Activating macrophages and cytokines[147,148]
GrifolanGrifola frondosaActivating macrophages and lymphokines[149]
LentinanLentinus edodesT-cell-oriented adjuvant[149]
PS-GGanoderma lucidumActivating macrophages and T lymphocytes[135,136]
SchizophyllanSchizophyllum communeActivating T cell, increasing interleukin and TNF-α production[150]
TerpenoidsExobiopolymersGanoderma applanatumActivating NK cell[128]
Ganolucidoid A and BGanoderma lucidumNO production, anti-inflammatory activities[130]
LanostaneHypholoma fasciculareNO production, anti-inflammatory activities[151]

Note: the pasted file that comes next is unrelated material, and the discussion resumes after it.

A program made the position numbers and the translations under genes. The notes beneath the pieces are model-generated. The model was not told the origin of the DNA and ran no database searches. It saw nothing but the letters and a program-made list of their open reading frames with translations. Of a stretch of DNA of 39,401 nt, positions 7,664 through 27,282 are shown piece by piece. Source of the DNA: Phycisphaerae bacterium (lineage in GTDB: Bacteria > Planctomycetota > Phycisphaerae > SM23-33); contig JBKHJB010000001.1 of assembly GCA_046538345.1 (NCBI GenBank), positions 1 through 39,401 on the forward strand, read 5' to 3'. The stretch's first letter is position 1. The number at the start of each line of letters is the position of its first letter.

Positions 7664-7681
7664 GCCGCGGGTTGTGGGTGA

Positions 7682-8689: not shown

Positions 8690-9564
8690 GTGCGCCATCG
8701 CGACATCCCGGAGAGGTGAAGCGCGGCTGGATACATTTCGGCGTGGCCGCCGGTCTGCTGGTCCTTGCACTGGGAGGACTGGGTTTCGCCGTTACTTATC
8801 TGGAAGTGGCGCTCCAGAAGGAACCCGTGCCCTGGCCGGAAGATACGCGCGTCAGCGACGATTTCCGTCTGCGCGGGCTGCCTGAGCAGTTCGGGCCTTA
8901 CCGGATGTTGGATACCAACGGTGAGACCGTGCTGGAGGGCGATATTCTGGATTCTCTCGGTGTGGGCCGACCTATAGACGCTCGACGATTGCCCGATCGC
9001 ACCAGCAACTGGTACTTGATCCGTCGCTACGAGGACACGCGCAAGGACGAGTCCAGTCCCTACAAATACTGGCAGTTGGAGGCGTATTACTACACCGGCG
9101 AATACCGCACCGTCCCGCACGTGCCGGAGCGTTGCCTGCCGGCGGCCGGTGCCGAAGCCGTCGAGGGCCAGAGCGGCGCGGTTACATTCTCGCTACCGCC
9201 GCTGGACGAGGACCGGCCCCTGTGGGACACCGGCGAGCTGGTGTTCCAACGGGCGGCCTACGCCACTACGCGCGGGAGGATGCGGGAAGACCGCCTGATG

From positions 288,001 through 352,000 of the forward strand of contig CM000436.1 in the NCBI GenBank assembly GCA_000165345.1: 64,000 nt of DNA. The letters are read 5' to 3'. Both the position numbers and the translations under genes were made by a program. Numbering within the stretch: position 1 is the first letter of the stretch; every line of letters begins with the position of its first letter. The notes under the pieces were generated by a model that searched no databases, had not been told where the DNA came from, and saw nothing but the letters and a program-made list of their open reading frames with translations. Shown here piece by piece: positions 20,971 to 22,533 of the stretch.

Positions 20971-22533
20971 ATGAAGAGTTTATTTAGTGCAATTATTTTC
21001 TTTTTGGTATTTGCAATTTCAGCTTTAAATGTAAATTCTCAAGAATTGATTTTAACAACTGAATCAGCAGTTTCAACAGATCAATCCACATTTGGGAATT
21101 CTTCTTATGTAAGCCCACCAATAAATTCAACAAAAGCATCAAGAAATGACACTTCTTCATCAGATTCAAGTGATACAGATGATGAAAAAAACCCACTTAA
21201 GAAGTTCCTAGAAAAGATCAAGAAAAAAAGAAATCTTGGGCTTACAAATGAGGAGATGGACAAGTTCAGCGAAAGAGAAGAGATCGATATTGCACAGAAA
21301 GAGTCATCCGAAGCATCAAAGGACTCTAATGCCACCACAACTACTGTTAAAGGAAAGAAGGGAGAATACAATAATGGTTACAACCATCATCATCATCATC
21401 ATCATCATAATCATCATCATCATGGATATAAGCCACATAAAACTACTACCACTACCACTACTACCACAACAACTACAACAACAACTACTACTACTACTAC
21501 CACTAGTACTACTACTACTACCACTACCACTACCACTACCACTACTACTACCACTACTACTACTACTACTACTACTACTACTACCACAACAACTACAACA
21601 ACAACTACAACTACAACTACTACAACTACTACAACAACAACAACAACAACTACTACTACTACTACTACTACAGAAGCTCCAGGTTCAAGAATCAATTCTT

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Suwannarach, N.; Kumla, J.; Sujarit, K.; Pattananandecha, T.; Saenjum, C.; Lumyong, S. Natural Bioactive Compounds from Fungi as Potential Candidates for Protease Inhibitors and Immunomodulators to Apply for Coronaviruses. Molecules 2020, 25, 1800.

AMA Style

Suwannarach N, Kumla J, Sujarit K, Pattananandecha T, Saenjum C, Lumyong S. Natural Bioactive Compounds from Fungi as Potential Candidates for Protease Inhibitors and Immunomodulators to Apply for Coronaviruses. Molecules. 2020; 25(8):1800.

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Suwannarach, Nakarin, Jaturong Kumla, Kanaporn Sujarit, Thanawat Pattananandecha, Chalermpong Saenjum, and Saisamorn Lumyong. 2020. "Natural Bioactive Compounds from Fungi as Potential Candidates for Protease Inhibitors and Immunomodulators to Apply for Coronaviruses" Molecules 25, no. 8: 1800.